Art by Anastasia

Inspired by life...


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Shrouded Sage recieves Award!

Posted by artbyanastasia on March 9, 2020 at 11:55 PM Comments comments (44)

Hello everyone!

I have been neglectful of this blog, but I wanted to start updating more regularly.

Currently I have three of my monochromatic pieces up for exhibit at the Art House located at 2608 Long Prairie Rd, Flower Mound, TX 75022. They will be up until March 28th so stop in and see them with all of the other beautiful art in the Making Ordinary Extraordinary exhibit! My piece Shrouded Sage received the Gallery Choice Award!

Holiday Season

Posted by artbyanastasia on December 1, 2015 at 11:05 PM Comments comments (62)

December is here! With it always come the flurry of the Holidays. I am, as always, open to commissions, but give me enough notice to get it made and shipped if you need it as a Christmas gift! Currently many of my pieces are on exhibit at the Tower Gallery at 636 S. main St. Grapevine, TX 760151. They will be up and on for sale through December 31st.

December 9 through the 31st two limited edition prints of my tarot deck artwork for 78 Tarot's Original Deck and Nautical Deck will be on exhibit and for ale at the Eight and Sand Gallery in Seattle.

January 9th through the 31st two limited edition prints of my tarot deck artwork for 78 Tarot's Original Deck and Nautical Deck will be on exhibit and for ale at the Push Pull Gallery in Seattle.

Art Show

Posted by artbyanastasia on February 26, 2015 at 8:05 PM Comments comments (0)

You are invited to join me and other artists in the Eigth Annual New Vintage Arts Show in conjunction with the New Vintage Wine and Gallery Trail on April 11th, 2015. The art show and sale location is the Lancaster gallery in the Palace Arts Center in downtown Grapevine, TX. The official hours are 9:00 a.m. until 6:00 p.m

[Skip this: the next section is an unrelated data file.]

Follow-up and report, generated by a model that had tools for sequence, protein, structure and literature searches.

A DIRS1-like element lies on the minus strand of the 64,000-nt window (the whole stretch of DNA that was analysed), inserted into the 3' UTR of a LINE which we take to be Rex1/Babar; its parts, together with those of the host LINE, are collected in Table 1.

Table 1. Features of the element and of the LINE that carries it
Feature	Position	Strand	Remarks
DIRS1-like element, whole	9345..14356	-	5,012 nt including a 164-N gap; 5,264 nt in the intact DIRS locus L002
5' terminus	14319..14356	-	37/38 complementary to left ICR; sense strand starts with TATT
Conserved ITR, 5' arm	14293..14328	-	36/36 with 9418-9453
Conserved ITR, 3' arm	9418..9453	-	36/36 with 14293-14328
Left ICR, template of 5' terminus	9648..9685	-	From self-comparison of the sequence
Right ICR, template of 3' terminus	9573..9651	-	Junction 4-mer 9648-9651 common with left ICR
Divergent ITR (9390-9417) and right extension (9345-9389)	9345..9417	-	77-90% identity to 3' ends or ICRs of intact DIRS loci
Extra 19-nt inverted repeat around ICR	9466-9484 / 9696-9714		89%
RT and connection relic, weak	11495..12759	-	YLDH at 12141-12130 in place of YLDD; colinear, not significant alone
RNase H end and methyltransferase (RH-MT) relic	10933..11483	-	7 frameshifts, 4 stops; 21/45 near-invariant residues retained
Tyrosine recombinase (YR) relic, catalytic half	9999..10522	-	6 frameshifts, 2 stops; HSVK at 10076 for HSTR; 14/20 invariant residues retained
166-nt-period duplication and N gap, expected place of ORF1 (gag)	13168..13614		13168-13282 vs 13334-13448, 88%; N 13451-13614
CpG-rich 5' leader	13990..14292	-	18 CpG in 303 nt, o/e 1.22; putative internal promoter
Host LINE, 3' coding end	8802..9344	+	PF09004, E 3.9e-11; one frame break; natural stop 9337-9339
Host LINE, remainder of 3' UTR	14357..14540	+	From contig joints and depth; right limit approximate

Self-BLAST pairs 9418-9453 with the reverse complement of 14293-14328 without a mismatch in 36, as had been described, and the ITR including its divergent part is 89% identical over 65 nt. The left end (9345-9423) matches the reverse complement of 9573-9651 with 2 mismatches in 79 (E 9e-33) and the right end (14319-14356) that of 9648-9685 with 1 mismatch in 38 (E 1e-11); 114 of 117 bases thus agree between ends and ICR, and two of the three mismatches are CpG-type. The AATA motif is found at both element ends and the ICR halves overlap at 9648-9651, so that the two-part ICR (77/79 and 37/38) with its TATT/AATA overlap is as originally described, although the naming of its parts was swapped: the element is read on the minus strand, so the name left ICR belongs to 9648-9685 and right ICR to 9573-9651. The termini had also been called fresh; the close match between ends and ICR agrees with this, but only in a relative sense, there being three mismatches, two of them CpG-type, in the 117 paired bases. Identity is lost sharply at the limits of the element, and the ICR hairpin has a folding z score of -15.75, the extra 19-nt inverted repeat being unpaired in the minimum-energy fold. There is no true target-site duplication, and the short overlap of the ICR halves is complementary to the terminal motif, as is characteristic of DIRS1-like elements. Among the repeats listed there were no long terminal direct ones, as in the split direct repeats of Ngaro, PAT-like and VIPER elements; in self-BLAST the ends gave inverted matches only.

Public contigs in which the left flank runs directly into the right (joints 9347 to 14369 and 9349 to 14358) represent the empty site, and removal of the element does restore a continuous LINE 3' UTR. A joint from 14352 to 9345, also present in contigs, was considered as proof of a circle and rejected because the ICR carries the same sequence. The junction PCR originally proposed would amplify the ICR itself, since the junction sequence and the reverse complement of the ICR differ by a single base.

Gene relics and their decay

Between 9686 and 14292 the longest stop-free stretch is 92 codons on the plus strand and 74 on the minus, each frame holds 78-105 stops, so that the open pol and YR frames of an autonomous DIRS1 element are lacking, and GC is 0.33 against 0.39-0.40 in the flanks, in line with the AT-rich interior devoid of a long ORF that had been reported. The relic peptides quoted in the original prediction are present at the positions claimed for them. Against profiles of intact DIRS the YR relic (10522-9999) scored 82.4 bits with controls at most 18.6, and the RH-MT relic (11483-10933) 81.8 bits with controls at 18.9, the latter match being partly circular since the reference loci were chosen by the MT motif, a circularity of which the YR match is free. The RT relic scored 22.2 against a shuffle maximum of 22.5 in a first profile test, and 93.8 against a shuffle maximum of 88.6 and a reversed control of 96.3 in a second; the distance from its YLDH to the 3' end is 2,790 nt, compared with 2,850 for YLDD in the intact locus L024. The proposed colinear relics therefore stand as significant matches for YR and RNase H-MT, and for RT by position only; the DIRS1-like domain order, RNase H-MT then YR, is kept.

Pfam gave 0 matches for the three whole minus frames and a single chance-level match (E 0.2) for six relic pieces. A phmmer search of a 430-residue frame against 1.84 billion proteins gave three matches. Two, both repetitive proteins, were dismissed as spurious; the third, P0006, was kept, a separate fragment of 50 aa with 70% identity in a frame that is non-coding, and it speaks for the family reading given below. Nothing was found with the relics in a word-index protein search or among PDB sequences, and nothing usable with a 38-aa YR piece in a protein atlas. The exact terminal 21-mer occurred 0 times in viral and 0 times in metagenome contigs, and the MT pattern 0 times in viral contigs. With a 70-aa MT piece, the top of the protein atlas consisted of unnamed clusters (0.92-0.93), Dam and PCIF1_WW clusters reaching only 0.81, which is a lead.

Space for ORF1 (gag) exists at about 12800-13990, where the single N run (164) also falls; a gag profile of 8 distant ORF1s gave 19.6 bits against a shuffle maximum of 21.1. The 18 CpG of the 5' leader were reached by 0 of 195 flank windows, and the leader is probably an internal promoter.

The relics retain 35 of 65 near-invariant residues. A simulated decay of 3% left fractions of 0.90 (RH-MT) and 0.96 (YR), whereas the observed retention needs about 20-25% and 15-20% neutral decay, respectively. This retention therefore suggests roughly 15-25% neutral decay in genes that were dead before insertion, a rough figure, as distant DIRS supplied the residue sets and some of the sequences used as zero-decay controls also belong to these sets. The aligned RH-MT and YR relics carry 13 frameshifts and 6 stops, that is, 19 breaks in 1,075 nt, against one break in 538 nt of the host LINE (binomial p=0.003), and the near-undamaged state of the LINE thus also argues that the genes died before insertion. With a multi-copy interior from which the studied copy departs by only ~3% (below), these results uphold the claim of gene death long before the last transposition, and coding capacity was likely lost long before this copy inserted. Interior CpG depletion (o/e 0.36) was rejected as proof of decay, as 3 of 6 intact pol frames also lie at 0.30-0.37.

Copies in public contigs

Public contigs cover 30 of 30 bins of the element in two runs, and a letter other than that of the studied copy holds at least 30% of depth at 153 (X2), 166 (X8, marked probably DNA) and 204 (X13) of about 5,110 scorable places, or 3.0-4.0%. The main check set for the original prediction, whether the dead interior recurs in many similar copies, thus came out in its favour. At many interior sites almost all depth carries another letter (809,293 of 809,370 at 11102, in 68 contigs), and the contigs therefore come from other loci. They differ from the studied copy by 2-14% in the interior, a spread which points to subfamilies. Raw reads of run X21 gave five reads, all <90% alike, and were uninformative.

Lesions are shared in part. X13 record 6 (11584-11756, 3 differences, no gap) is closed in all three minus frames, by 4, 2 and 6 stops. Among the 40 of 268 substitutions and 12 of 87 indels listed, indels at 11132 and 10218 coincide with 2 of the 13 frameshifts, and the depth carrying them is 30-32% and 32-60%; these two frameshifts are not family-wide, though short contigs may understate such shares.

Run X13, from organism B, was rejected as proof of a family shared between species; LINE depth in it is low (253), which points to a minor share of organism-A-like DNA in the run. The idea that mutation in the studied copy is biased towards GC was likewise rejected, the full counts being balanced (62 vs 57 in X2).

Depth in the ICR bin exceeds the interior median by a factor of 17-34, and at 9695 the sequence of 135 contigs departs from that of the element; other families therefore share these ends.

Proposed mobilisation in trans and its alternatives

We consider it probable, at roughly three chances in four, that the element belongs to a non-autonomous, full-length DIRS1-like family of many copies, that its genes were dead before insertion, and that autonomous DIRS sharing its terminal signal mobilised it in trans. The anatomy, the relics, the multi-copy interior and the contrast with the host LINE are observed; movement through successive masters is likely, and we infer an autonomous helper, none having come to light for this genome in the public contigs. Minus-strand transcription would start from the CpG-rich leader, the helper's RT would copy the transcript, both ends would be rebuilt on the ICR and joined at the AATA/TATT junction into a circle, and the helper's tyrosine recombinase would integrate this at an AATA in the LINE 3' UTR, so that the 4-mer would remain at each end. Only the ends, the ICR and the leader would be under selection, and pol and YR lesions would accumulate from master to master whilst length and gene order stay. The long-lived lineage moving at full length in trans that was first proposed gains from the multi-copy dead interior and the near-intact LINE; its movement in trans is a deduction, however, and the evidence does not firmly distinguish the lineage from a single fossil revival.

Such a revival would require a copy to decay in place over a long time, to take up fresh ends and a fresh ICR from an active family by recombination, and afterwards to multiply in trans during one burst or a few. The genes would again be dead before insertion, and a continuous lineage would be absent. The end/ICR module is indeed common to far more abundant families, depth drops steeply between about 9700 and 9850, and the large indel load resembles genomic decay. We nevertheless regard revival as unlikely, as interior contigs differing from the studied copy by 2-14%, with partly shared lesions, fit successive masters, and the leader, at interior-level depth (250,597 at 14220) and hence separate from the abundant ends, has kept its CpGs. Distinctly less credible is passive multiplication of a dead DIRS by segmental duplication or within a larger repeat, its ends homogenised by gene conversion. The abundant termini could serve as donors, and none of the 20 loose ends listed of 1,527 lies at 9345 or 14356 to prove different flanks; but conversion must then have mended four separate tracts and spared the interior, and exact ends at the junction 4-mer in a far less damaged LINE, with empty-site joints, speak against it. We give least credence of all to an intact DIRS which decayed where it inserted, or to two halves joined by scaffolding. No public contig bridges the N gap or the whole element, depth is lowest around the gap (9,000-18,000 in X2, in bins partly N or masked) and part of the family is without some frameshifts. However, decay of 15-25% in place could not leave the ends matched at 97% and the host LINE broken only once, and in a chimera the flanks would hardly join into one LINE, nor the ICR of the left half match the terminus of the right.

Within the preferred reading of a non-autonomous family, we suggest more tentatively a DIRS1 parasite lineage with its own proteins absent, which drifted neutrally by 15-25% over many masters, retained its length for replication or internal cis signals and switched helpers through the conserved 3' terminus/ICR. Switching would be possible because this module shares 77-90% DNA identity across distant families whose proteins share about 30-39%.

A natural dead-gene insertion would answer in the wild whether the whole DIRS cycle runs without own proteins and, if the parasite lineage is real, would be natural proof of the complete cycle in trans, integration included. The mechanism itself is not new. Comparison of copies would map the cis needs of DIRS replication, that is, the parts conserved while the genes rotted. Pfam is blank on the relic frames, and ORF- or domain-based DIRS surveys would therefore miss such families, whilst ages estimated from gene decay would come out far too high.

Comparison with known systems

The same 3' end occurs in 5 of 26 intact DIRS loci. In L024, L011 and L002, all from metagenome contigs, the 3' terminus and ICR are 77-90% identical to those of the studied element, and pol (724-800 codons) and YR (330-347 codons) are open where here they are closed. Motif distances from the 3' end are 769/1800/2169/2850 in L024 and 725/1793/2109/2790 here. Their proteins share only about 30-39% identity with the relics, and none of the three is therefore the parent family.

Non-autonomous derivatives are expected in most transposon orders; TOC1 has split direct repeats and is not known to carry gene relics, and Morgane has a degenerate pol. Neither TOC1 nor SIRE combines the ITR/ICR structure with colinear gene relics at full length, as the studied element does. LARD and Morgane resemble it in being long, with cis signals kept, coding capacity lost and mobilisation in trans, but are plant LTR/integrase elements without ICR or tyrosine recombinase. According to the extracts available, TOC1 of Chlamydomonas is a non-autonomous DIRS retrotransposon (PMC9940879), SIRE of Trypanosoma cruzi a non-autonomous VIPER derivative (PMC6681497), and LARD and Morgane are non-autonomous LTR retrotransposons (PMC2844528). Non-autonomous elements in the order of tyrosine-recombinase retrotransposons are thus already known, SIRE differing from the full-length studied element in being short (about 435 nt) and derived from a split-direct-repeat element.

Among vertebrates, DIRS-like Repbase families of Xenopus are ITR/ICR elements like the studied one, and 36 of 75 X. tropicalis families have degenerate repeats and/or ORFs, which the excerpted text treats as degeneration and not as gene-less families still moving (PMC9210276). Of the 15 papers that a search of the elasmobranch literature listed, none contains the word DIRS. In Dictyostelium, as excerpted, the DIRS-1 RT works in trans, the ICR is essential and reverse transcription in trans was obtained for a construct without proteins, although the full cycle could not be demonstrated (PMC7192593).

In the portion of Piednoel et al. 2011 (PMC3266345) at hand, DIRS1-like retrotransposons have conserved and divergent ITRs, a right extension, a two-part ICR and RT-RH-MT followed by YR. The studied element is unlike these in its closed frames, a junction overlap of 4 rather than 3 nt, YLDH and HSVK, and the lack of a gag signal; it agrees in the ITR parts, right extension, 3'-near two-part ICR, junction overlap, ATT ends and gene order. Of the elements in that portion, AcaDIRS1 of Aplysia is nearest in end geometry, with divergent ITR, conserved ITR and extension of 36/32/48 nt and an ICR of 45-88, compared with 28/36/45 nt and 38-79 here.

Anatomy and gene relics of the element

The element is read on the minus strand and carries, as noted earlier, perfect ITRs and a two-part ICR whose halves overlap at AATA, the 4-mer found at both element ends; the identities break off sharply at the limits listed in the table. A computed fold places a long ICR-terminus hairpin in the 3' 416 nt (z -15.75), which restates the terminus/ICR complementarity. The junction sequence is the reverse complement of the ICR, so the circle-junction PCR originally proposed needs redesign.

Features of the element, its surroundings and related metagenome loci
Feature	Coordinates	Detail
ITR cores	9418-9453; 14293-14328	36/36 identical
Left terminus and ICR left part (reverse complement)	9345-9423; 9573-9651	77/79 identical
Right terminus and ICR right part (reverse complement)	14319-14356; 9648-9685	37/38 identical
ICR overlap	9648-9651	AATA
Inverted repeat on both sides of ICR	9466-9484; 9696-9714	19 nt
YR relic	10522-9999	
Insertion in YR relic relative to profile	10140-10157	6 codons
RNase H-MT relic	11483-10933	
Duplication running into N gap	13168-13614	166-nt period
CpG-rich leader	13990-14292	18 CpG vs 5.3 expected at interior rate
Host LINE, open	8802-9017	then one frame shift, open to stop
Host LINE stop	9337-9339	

I look forward to seeing everyone there! I will have several original works of art for sale as well matted and framed prints of some of my photography. Come for the art stay for the wine!!


Palace Arts Theater


300 S Main St, Grapevine, TX 76051

Art Show!

Posted by artbyanastasia on March 26, 2014 at 7:50 PM Comments comments (0)

You are invited to join me and other artists in the Seventh Annual New Vintage Arts Show in conjunction with the New Vintage Wine and Gallery Trail on April 12th, 2014. The art show and sale location is the Lancaster gallery in the Palace Arts Center in downtown Grapevine, TX. The official hours are 9:00 a.m. until 6:00 p.m

I look forward to seeing everyone there! I will have several original works of art for sale as well matted and framed prints of some of my photography. Come for the art stay for the wine!!

Palace Arts Theater

300 S Main St, Grapevine, TX 76051

Collaborative Art Project

Posted by artbyanastasia on March 26, 2014 at 7:40 PM Comments comments (0)

I have joined a new collaborative project called 78 Tarot. It is an exciting project of 78 different artists from around the world uniting to each create one card to form an eclectic tarot deck of unique works of art! I have the 8 of Wands and you can follow our progress at the following sites!" target="_blank" rel="nofollow">Facebook 



Instagram" target="_blank" rel="nofollow">Twitter

Monochromatic Series Update

Posted by artbyanastasia on February 1, 2014 at 12:20 AM Comments comments (0)

I have begun five new paintings in my monochromatic wildlife series! I have not yet decided how many paintings the series will contain. As long as I am inspired I will keep going. The monochromatic series are painted entirely using only one color plus black and white for shading and tinting.Please keep in mind these paintings are not complete. If you would like to follow the step by step completion of these, please like my Face Book page

Here is the bear. He is being painted using burnt umber on a 36x48 canvas.

This is the turtle using cobalt turqoise on 30x30 canvas

the lion using yellow oxide on 24x30 canvas

the snake using bronze yellow on 8x24 canvas

the elephant using green gold on 40x60 canvas

Goodbye, Joe...

Posted by artbyanastasia on August 23, 2012 at 10:00 PM Comments comments (0)

Goodbye, Joe...

I found out by a random posting a fan put in my facebook page that Joe Kubert had died


I sat, stunned, on my couch for a minute staring blankly at my phone. I had to run upstairs and hide so that I could have a moment to shed some tears. It was such a shock. I know he was 85, but he always seemed so strong and lively. I guess I never imagined a world without him.